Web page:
New digital tool being built to help farmers do better forecasts

New digital tool being built to help farmers do better forecasts
Dr Isaac Shinyenkwa the lead researcher chats with NAAC Boss with whom they are collaborating on the study.

Kampala, Uganda | URN | A team of researchers have embarked on a new study in which they will develop a digital tool to help farmers conduct forecasts to enable them make informed decisions on when to plant and make other decisions on the farm.

The researchers who are led by scientists at the Economic Policy Research Center (EPRC) say they plan to develop a tool that uses USSD codes and can be used by both smart and feature phone users to seek information or offer alerts on what’s happening in the community and get swift feedback.

According to Dr. Isaac Shinyekwa, a Senior Research Fellow at EPRC, while Ugandan farmers have potential of producing enough food that would shrink the 16.4 million Ugandans who are currently estimated to be facing insufficient food consumption, they are sometimes affected by vagaries of weather which would otherwise have been avoided if they are armed with correct and reliable information.

Now, with the new digital tool, Dr. Shinyekwa says all farmers need is a phone to get key information and adds that they do not need internet connection since they are relying on satellite information. Initially, he says they are testing the tool on selected farmers across the country to capture feedback and assess usability.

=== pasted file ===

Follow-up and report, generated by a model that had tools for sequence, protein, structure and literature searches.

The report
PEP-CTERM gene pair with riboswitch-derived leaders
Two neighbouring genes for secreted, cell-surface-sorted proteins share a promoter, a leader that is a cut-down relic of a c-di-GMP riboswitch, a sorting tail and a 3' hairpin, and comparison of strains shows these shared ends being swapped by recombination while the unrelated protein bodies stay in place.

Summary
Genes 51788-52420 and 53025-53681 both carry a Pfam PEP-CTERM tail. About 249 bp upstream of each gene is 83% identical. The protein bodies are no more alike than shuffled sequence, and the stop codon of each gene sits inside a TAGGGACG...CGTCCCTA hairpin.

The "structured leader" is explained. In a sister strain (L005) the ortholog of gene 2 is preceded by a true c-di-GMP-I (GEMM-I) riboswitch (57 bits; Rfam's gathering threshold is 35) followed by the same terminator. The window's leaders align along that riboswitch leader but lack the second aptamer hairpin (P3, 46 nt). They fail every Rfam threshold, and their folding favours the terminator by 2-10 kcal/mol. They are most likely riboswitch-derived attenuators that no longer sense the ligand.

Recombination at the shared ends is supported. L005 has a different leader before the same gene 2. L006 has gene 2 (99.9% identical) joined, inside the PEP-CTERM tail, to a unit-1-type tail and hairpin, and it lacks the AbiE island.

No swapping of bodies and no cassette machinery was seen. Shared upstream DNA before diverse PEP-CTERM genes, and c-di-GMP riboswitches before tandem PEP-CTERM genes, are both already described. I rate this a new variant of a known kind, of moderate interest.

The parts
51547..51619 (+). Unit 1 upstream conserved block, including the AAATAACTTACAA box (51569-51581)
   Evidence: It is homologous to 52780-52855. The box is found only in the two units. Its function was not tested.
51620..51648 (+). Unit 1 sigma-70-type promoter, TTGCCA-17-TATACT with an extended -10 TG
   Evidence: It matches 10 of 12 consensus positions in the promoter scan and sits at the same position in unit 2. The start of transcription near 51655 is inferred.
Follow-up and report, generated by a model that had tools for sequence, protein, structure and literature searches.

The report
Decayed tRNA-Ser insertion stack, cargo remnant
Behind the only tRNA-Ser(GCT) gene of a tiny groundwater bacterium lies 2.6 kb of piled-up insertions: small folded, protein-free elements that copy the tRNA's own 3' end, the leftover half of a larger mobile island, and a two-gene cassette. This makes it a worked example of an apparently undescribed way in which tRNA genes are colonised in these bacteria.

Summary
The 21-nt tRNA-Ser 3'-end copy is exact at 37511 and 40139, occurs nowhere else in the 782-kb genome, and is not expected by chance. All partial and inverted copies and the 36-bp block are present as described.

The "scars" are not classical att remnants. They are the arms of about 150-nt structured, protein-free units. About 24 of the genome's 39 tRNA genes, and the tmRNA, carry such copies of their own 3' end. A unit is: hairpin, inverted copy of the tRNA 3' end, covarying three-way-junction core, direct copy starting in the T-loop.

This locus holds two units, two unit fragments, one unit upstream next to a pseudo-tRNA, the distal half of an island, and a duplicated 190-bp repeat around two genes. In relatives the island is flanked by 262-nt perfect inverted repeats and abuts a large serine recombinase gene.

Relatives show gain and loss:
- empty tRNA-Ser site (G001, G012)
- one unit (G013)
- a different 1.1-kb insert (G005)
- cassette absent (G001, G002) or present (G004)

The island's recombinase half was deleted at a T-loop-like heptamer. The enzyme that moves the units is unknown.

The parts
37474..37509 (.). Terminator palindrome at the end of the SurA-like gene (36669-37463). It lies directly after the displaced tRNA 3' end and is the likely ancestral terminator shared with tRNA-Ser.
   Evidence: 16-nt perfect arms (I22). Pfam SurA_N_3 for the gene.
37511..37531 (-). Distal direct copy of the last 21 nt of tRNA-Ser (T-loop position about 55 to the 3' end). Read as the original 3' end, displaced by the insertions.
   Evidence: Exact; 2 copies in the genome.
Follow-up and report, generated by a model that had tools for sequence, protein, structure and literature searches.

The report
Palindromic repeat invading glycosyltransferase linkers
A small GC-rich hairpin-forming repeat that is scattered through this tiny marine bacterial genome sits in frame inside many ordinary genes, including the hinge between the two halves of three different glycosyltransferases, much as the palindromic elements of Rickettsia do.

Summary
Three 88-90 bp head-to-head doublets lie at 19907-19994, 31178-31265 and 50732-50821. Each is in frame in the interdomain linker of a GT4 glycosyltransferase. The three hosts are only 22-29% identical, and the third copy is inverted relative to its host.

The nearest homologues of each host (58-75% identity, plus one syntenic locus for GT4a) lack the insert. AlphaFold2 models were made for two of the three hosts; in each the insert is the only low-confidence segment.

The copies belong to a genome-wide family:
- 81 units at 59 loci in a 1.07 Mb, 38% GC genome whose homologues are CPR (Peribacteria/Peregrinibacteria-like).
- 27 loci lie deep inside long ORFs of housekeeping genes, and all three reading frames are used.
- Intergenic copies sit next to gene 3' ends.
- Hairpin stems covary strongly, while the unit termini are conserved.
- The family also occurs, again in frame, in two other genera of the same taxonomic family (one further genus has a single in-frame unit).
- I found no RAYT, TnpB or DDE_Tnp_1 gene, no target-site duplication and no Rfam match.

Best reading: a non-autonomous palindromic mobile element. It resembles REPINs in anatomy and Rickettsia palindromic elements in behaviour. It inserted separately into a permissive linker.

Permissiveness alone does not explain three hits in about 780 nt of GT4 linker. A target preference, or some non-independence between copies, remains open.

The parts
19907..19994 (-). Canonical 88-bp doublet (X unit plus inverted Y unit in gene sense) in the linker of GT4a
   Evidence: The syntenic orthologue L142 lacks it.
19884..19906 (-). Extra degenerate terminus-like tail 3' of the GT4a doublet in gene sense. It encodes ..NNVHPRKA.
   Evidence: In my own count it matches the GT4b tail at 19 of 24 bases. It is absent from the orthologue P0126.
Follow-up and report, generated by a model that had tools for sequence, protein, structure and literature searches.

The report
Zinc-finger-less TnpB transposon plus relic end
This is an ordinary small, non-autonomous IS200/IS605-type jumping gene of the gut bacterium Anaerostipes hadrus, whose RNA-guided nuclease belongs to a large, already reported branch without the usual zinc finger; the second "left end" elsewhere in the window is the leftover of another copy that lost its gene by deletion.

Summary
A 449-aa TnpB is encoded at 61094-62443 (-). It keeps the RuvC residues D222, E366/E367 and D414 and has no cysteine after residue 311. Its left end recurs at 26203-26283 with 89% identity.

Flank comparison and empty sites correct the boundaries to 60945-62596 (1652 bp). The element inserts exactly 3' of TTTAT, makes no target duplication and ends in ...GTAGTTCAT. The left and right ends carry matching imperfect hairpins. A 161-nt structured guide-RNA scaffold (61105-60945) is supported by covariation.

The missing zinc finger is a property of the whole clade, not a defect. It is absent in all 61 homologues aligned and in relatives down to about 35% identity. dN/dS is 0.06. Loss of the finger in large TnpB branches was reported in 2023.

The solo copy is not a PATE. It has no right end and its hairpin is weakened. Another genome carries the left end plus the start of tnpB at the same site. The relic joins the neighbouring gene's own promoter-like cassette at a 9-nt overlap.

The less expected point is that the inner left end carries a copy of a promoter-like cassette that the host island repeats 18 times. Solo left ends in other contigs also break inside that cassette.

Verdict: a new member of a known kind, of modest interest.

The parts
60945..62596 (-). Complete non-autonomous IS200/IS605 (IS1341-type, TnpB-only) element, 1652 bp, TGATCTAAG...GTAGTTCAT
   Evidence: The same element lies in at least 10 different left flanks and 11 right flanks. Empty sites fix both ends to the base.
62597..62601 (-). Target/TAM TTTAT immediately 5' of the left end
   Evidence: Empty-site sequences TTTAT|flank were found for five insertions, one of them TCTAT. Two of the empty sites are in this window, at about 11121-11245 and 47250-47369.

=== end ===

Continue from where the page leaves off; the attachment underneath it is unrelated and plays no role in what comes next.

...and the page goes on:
Before doing this, he says the plan is to do a survey on which crops thrive well in which parts of the country starting with maize and cassava. They will also use existing data in the Uganda Bureau of Statistics to estimate nutritional security rates.

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On his part, Ambrose Asingizibwe, the Executive Director of the National Alliance of Agriculture Cooperatives that is going to train farmers on using the mobile tool says this initiative comes in handy with concerns by farmers that many times, forecasts provided by the Uganda National Meteorological Authority have had them take misleading decisions.

Commenting about the innovation, Morris Kabyanga the official in charge of food production thematic area in the Office of the Prime Minister (OPM) urged the researchers to make creating awareness an integral part of the study noting that similar innovations that have been done previously failed simply because farmers couldn’t use them even as messages were sent to them.

This study to develop new digital tool to help farmers is being funded by the German Development Agency (GIZ) at the cost of 40,000 euros.